The ability to achieve a likeness was always to some degree an innate talent. At the highest level it was the rarest representational skill and - in England at least - the most marketable. It was a gift which Thomas Gainsborough showed early; in one account, so impressing a friend of his mother's when he was still a boy that his father was persuaded he should go to London for instruction. But this talent wasn't necessarily combined with other painterly abilities. Gainsborough and Maurice-Quentin de La Tour were both reckoned remarkable getters of likeness, and both had significant weaknesses, or lack of interest, in other departments. Contemporaries claim again and again that their portraits seem to put you in the presence of a person, not a picture. It was probably Gainsborough's friend Philip Thicknesse who wrote that his 'pictures may not be said so properly to be like the originals as to be the people themselves', and similar remarks were made about La Tour's pastels. The critical language would be equally appropriate for a piece of legerdemain - which was, in a way, what the use of flickering marks on a surface to conjure up a person amounted to.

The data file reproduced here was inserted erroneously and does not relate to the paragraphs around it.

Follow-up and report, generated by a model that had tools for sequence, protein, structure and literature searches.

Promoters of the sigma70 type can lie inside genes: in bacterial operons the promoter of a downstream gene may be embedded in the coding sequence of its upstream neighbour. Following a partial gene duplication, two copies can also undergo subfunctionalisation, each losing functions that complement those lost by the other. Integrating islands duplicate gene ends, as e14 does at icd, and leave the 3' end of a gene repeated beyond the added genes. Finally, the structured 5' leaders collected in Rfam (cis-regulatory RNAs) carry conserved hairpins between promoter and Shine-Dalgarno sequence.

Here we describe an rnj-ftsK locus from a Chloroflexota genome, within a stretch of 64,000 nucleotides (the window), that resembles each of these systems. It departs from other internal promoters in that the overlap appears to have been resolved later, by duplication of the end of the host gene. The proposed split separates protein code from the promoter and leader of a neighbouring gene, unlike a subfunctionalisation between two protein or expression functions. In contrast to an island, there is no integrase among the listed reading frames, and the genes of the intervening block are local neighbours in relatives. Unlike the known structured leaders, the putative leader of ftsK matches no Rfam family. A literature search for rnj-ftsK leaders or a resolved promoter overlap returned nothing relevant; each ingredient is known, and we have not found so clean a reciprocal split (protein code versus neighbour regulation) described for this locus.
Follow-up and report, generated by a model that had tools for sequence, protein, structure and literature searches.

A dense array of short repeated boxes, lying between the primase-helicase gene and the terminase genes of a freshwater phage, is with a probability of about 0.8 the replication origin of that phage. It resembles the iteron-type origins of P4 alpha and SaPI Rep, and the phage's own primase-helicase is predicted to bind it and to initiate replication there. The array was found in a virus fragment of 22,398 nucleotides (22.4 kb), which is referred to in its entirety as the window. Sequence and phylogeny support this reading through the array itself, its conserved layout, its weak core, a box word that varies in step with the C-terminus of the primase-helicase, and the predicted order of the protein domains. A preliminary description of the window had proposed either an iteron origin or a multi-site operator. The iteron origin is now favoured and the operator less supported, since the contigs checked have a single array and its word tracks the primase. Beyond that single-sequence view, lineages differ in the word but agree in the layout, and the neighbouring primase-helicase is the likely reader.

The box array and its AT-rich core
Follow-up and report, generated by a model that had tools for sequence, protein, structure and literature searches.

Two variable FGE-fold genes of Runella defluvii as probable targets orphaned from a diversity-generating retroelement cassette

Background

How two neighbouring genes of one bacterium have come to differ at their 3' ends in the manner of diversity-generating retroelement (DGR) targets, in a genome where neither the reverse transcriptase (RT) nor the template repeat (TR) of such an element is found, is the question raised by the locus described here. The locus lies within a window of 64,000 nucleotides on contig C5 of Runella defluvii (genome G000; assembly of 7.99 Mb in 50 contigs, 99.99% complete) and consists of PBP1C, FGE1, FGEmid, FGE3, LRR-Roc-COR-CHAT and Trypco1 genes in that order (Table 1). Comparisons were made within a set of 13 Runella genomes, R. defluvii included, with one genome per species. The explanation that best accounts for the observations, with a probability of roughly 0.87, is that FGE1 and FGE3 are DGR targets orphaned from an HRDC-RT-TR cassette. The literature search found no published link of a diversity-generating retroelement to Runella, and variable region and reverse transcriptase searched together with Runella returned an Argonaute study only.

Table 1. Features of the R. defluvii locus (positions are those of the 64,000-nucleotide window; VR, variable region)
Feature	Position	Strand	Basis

LRB 28 November 2002 | PDF Download